I noticed what I thought was too much of a good thing in Speaking in Tongues: figurative language, something meant to liven up writing by using words in descriptive ways to paint a picture for the reader. The sheer amount of this language in the story (especially in the beginning) seemed over-the-top to me. I appreciate ZZ Packer's attempt to create vivid images for the reader, but the extreme number of metaphors incorporated into the piece (they're in practically every paragraph) actually distracted me from the story, annoyingly calling attention to themselves.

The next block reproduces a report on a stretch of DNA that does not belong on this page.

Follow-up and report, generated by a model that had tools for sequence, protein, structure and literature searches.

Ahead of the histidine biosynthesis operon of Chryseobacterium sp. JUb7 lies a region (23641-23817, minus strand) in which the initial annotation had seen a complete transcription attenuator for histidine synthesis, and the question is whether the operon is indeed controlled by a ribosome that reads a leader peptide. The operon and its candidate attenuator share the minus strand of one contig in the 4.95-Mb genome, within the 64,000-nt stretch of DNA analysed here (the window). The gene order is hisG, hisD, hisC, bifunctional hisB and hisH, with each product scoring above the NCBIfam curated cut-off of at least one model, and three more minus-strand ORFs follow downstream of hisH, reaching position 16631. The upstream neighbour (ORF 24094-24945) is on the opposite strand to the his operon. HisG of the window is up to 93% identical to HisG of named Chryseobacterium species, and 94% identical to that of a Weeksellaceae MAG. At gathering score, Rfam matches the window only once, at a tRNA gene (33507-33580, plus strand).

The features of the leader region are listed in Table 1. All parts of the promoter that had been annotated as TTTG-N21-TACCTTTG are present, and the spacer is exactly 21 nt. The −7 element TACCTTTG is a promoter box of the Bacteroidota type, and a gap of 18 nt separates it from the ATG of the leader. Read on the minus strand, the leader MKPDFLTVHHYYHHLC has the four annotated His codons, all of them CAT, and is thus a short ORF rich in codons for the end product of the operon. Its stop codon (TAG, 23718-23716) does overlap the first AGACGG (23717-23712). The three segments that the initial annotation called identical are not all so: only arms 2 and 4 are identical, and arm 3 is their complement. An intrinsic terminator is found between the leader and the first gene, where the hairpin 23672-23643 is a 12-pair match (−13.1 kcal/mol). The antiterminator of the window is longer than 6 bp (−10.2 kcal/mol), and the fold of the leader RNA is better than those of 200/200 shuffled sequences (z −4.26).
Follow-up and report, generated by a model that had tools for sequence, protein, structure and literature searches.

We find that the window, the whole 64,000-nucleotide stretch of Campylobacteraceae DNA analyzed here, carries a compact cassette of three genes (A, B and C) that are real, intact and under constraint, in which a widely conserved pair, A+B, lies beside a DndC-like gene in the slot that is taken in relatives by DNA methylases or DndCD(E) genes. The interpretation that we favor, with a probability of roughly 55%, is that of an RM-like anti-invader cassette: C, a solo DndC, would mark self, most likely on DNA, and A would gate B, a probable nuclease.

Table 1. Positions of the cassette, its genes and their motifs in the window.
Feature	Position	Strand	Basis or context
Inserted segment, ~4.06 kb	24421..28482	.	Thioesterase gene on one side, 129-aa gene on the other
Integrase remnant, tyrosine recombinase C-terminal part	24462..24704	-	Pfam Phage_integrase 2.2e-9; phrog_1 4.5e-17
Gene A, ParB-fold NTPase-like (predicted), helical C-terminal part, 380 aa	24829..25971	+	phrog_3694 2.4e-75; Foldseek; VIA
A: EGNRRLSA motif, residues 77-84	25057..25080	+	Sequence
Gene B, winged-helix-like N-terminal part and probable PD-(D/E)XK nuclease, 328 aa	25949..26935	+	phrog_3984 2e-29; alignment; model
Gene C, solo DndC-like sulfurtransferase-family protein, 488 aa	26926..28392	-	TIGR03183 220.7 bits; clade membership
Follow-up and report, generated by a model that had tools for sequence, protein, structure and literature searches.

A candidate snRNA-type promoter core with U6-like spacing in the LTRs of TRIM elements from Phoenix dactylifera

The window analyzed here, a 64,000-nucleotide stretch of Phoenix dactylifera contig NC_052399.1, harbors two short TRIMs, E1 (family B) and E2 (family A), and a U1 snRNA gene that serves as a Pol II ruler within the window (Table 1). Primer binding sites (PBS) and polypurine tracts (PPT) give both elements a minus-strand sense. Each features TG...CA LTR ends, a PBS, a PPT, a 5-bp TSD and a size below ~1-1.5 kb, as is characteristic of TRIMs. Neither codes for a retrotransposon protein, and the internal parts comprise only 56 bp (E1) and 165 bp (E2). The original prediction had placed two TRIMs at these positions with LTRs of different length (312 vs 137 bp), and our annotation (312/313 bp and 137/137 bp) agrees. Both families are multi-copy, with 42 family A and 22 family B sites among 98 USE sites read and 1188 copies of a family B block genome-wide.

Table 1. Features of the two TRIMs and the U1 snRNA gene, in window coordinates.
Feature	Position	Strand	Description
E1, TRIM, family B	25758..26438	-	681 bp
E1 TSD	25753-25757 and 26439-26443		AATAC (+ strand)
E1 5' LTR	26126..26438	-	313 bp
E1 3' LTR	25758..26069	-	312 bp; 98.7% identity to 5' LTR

I'll admit it wasn't all negative. How could I contest "but Marcelle had developed the contemptuous languor of a zoo animal whose cage had been banged by too many people" or "their eyes blinking the slow and steady concerned flashes of car hazard lights"? There were some cool bits of figurative language, but I thought they were overshadowed by the multitude of others such as "the teachers standing by their doorways like sunglassless Secret Service agents" and "a sky the color of suburban swimming pools," metaphors that left me wondering, Really, is that necessary? (Not to mention thinking that "sunglassless" is a very awkward word.)
Ending of Caucasia
9 years ago